Polyrhythmic Creativity

DeLong Way To Polyrhythms Creativity on the Drumset, written by top Canadian touring and session drummer and clinician, Paul DeLong, is a step-by-step guide that provides a clear path to developing the polyrhythmic concepts and techniques used by many of the world’s leading drum artists.

Polyrhythms, also known as cross rhythms, are defined as the simultaneous use of contrasting rhythms. One of the most common polyrhythms, 3 against 2, is often employed to create rhythmic tension and texture in many ethnic and popular forms of music. This new book/audio package begins by explaining the principles of the 3:2 polyrhythm and then explores the most practical and musical applications of this rhythm in four-beat phrases and standard, five-piece drumset voicings.

Polyrhythmic Creativity is divided into four major sections covering 6:4, 3:4, 4:3 and miscellaneous rhythms, including transcriptions of rhythms inspired by drummers from Elvin Jones, Tony Williams, Bill Stewart and Billy Cobham to Simon Phillips, Vinnie Colaiuta, Antonio Sanchez and Steve Gadd as well as original examples composed by the author.

Each chapter starts with a basic subdivision of the key rhythm before progressing to more and more complex permutations, patterns and phrases. The accompanying audio CD contains nearly 100 professionally recorded tracks that support almost every exercise in the book.


DeLong Way To Polyrhythms Creativity on the Drumset is a 113-page book with supplemental CD, designed to inspire and enlighten the use of polyrhyhms on the drumset.

As mentioned in the description above, the book is divided into four chapters; Six Against Four (6:4), Three Against Four (3:4), Four Against Three (4:3), and Miscellaneous Polyrhythmic Ideas.

The first three chapters each start out with the standard notation of the topic polyrhythm, then go on to show the polyrhythmic notation. Exercises and examples using eighth-notes, triplets and sixteenth-notes are given for 6:4, 3:4 and 4:3. The last chapter includes roughly sixteen transcriptions and/or ideas influenced by drummers such as Bill Stewart, Virgil Donati, and Antonio Sanchez.

DeLong's playing on the 90-track CD is top-notch. Besides demonstrating a vast majority of the notated examples in the book, all leading with a metronome count-off, DeLong performs some of the polyrhythmic concepts for each chapter. These performance tracks, one for each of the first three chapters (plus an additional track in Chapter 3), demonstrate the topic polyrhythms in a musical setting; all performed with a bass player. DeLong supplies an additional play-along track (minus drums) for each performance track so you can play along with the same bass track. I want to mention that I find it extremely wise to supply the play-along track with only a starting count-off; no click pounding away throughout — just grooving with the bass player.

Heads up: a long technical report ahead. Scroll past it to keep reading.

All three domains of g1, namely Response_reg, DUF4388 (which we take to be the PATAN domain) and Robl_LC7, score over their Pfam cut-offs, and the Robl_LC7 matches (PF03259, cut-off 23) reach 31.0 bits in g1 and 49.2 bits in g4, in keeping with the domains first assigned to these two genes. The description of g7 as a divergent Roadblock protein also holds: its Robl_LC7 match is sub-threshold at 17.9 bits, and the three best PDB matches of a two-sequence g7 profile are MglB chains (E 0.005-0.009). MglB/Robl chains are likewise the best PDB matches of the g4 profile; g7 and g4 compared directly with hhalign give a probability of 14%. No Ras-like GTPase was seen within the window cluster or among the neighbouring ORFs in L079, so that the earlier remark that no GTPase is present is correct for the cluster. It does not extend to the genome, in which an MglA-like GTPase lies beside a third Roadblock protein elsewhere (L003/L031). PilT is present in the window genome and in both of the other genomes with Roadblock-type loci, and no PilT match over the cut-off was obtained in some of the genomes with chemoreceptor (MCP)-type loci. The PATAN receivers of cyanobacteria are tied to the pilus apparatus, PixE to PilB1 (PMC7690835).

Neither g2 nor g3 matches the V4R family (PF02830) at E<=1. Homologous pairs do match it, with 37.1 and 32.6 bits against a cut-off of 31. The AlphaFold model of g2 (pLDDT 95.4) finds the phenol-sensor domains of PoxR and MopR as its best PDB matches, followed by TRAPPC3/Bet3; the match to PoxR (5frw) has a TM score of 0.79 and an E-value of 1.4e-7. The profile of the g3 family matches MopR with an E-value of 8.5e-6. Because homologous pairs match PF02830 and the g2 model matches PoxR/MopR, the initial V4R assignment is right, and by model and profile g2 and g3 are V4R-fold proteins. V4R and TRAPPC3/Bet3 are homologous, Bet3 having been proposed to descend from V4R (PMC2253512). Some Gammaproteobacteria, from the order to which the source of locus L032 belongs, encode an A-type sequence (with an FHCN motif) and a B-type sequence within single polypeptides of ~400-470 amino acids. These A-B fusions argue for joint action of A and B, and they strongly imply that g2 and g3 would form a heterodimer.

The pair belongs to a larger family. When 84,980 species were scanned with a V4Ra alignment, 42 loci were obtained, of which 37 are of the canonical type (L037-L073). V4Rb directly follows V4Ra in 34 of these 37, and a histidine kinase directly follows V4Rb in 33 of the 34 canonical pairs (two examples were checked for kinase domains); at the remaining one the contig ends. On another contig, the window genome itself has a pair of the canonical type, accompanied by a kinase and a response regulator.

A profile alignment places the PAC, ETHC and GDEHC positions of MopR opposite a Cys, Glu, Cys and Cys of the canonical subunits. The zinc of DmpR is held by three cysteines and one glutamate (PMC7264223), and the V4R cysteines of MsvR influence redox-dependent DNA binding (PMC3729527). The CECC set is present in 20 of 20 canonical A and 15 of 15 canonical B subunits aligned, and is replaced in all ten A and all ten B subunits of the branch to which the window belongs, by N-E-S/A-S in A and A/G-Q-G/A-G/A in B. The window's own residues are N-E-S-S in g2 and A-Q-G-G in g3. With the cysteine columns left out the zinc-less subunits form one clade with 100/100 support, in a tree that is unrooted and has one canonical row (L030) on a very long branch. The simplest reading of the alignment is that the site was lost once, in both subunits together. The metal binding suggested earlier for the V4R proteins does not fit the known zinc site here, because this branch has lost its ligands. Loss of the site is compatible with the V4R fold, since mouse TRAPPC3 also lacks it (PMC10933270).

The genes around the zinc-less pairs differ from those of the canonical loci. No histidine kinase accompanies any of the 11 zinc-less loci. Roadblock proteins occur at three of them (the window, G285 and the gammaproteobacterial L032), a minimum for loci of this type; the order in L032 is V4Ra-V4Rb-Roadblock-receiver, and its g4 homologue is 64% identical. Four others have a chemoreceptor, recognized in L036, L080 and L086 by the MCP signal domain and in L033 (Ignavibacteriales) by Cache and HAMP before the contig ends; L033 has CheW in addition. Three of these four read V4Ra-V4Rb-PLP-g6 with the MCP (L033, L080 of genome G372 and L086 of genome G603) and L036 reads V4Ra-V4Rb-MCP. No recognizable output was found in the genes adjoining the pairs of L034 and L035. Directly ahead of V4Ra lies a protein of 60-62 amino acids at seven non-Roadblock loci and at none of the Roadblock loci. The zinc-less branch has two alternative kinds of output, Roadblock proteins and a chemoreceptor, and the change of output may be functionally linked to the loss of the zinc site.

DeLong Way is a fine book but does fall short in several areas. Of the 113 numbered pages, thirteen have a full-page graphic or photo, and an additional twenty-three pages have an image or graphic that takes up half the page. The print, text and music notation, is very large — taking up a lot of prime real estate. While I think the large notation does make it easier to read, especially when there's so much ink on the page from all of the polyrhythm complexities, I think the book, once you reduce all of the large images and graphics, could have been printed with half as many pages. It almost feels like the book was purposefully laid-out and enlarged to justify the $24.95 retail price tag.

 Having taught numerous students who struggle with Pete Magadini's polyrhythm books, I believe, especially with the minimal amount of written discussion on the topic in this book, students will also struggle with reading and understanding DeLong Way To Polyrhythms Creativity on the Drumset. If you are an advanced player, have a strong grasp of music notation, and already have a good comprehension of 6:4, 3:4, and 4:3, this book is for you. With the bulk of the book being written as polyrhythmic notation, unfamiliar to many a musician, intermediate students will most certainly need the guidance of a private instructor when working out of this book.

It is also worth noting that, although it can be applied in a wide variety of music genres, DeLong Way is written from the jazz perspective (eg. recorded examples on the CD).

In summary, DeLong Way To Polyrhythms Creativity on the Drumset is an invigorating book. Paul DeLong has done an admirable job of taking the complex nature of polyrhythms and applying them to a musical situation. Recommended for drummers who meet the criteria I've already outlined, and who desire to creatively expand their polyrhythm vocabulary.